The Manifesto for Housing Justice released in March 2020 by the Bloc for Housing stated: “The emergency social measures are pressing today, but they are not enough to guarantee an exit from the epidemiological and economic crisis. They are not enough to reduce the dramatic effects of similar future crises, which, as we know, are inevitable in capitalism. This crisis must not be ‘solved’ as the previous ones were, in favor of capital. It is vital to denounce and to surpass the structural adjustment programs, which promote more privatization and austerity as a one-size-fits-all solution. These programs were imposed over the last few decades by the big international organizations, such as the World Bank and the International Monetary Fund. These programs result, everywhere and always, in measures against the public sector and poverty, in underfinancing public health, education and housing, as well as in subordinating the development of all economic and social domains to the foundational logic of capitalism: the rush for profit. The Bloc for Housing asserts that to surpass the crisis and to institute a just social and economic order, which serves people’s interests, it is important that the state invests in public services, especially in public housing […]. The time has come for the rich to pay for everything that they stole through workforce exploitation, real estate speculation, and the theft of the government’s resources to the disadvantage of the many. We need radical measures to make sure that the economic post-crisis order will be one of equality and social justice. The time has come for those privileged by the system all over the world, who have accumulated profit and enormous wealth over the last decades, to pay their dues. They must contribute significantly to the costs of the programs needed for everyone’s state of health and economic situation to improve once and forever. It is time to end the regime where the real estate developers, the great renting companies, and private utility providers make an enormous profit off the backs of those who barely survive from one month to the next!”[5]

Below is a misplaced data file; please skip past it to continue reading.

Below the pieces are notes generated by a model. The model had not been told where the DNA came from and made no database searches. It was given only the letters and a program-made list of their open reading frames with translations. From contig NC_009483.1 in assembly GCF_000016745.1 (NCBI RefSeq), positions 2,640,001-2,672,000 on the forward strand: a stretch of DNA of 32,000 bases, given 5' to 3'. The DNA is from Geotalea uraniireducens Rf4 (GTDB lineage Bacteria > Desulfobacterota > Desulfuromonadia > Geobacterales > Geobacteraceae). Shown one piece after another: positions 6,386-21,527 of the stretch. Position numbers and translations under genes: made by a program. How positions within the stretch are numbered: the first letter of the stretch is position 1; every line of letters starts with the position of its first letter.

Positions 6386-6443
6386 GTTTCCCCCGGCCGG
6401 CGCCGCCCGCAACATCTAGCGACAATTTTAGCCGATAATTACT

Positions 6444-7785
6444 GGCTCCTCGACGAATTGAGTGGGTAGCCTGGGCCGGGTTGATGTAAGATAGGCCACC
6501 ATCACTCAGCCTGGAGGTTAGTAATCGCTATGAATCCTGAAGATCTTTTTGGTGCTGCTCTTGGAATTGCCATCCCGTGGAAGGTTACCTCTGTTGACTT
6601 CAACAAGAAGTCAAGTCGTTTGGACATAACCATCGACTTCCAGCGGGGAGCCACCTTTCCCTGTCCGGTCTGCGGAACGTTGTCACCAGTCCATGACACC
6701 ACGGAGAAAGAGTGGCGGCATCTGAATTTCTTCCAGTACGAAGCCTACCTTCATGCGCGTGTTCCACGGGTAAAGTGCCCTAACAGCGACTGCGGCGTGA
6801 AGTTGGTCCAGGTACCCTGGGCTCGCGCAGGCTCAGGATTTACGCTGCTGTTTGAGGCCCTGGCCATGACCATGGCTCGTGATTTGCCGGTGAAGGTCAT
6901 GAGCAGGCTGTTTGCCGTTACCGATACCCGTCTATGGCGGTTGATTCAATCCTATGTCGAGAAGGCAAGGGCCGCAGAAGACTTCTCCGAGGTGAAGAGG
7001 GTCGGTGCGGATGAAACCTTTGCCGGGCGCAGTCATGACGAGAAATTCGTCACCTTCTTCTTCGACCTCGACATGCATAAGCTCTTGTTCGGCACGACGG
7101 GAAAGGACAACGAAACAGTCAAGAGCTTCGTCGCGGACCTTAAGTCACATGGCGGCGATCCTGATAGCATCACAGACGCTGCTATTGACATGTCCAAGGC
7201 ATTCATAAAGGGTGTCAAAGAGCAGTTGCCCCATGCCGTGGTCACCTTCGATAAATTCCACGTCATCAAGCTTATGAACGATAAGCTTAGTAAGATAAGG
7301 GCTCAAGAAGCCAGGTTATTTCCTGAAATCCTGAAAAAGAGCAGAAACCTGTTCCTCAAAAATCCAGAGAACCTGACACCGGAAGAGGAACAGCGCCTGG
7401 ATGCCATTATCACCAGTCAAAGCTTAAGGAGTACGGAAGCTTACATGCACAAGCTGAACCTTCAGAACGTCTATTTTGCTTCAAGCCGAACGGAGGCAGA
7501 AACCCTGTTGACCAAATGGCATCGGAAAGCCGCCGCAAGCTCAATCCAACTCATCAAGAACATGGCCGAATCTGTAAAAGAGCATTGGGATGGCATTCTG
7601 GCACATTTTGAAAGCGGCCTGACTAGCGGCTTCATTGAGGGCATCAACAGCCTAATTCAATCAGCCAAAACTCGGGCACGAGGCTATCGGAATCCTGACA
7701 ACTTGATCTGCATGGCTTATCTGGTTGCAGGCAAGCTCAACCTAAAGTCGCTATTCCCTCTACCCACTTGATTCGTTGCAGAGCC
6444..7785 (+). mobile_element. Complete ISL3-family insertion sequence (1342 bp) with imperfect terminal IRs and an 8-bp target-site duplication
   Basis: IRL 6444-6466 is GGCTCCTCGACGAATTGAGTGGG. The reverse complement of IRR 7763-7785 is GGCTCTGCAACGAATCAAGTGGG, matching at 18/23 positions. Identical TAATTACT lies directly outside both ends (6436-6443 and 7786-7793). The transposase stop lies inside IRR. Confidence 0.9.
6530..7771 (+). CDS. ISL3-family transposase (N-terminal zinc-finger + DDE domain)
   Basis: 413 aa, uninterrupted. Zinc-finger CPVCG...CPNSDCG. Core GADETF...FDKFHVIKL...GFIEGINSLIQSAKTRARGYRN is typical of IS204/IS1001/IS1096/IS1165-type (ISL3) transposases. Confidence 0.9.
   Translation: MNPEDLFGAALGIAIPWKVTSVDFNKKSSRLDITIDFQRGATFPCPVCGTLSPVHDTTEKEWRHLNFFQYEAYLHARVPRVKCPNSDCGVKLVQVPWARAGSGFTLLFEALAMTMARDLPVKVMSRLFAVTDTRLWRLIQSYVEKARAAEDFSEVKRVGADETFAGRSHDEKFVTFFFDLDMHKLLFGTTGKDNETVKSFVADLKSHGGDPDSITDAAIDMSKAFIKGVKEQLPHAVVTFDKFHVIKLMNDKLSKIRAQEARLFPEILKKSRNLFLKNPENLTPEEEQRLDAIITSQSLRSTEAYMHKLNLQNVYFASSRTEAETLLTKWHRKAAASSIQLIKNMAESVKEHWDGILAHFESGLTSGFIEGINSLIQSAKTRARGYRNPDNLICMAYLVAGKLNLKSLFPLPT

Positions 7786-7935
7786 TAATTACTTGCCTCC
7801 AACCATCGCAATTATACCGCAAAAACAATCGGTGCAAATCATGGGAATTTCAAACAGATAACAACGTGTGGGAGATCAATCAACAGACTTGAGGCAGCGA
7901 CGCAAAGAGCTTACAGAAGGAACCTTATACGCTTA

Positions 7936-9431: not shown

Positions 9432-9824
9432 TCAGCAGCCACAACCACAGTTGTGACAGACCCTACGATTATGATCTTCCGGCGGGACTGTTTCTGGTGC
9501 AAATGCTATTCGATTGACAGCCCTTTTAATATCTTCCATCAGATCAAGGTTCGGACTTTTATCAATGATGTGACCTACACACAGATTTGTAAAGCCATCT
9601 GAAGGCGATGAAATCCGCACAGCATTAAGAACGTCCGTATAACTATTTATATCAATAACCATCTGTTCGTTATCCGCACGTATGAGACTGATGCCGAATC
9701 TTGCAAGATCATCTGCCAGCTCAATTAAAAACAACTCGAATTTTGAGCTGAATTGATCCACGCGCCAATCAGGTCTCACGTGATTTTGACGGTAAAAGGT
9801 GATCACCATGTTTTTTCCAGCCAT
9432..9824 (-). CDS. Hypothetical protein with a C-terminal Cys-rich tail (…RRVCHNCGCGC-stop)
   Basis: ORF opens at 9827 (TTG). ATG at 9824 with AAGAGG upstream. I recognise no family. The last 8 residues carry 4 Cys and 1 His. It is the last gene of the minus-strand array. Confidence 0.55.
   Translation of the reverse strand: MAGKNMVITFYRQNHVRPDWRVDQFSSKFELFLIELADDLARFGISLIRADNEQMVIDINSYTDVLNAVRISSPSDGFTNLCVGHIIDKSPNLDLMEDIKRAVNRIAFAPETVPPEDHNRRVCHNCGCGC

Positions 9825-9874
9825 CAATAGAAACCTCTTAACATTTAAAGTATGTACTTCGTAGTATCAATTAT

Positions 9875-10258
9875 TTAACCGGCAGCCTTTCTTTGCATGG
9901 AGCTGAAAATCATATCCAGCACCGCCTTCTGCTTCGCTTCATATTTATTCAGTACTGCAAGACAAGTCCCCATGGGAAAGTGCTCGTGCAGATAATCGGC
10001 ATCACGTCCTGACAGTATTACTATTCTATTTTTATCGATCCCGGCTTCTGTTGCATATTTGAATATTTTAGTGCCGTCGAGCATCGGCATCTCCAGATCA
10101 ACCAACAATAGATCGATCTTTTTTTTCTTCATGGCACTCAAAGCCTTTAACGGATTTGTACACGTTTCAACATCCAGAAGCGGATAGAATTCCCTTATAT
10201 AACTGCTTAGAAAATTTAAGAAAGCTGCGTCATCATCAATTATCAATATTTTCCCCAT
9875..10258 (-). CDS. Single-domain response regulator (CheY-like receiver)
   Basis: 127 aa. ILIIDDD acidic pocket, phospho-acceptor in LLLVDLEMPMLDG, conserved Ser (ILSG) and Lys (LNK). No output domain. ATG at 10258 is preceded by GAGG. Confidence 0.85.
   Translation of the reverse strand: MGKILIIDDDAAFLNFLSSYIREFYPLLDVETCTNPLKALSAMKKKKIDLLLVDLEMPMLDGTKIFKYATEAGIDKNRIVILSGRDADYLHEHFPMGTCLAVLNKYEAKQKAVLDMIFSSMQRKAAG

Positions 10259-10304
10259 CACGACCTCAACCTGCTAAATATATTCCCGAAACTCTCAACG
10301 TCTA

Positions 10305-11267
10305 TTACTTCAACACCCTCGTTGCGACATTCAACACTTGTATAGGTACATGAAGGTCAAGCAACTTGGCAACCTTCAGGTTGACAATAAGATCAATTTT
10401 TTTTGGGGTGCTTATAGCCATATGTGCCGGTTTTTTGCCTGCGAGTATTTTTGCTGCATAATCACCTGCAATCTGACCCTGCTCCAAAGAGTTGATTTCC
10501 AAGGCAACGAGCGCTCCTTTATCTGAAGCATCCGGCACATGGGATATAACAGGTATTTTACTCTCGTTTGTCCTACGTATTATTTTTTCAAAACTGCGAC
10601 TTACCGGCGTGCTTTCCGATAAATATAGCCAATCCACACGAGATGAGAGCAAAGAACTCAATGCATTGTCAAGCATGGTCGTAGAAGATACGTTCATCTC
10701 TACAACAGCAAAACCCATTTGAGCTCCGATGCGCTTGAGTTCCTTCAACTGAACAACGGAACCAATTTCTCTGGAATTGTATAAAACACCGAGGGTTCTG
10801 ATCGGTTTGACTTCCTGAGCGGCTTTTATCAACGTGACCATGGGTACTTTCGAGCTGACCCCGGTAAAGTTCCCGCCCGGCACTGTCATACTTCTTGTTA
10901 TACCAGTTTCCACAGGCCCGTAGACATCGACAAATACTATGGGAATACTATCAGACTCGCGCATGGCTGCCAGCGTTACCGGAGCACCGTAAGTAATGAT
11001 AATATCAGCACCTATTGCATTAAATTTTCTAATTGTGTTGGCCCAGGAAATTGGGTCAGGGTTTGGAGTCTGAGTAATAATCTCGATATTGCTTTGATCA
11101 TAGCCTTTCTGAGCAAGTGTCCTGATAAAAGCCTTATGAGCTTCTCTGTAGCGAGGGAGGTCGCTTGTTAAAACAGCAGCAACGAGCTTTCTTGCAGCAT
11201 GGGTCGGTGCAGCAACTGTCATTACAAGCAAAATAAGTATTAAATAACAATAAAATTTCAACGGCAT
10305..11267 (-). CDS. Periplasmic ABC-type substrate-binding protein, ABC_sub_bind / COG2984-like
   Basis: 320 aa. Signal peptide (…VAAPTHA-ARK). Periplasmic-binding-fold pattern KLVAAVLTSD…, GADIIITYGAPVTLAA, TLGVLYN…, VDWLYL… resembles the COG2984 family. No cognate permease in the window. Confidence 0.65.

Noting how limited the government’s measures in social, labor and housing were during the state of emergency, even though the special circumstances provided an opportunity for giving more adequate support to homeless people, people at risk of eviction, people who cannot pay huge rents, people who earn the minimum wage or even less, the Bloc for Housing addressed a Memorandum to the Presidency, Parliament, Government, and three Ministries in particular. The Memorandum entitled “The current epidemiological crisis is also a social and housing crisis. Maximum emergency: decent minimum wage and adequate social housing for the most affected people”[6] was signed by 53 organizations and over 100 people involved in civic organizations and/or social activism. The demands of the Memorandum included, among others, the following: coverage of social services and social benefits and various aids during the state of emergency for all vulnerable persons; increasing the guaranteed minimum income and redefining it as a decent minimum income to provide all people with the necessary financial resources to cover the value of the minimum consumption basket for a decent living; increasing the stock of social housing through various means (construction, conversion, expropriation, etc.), so that it meets real local needs; adopting the ‘housing first’ model in allocating social housing and supporting the beneficiaries through an integrated package of social and healthcare provisions for as long as needed.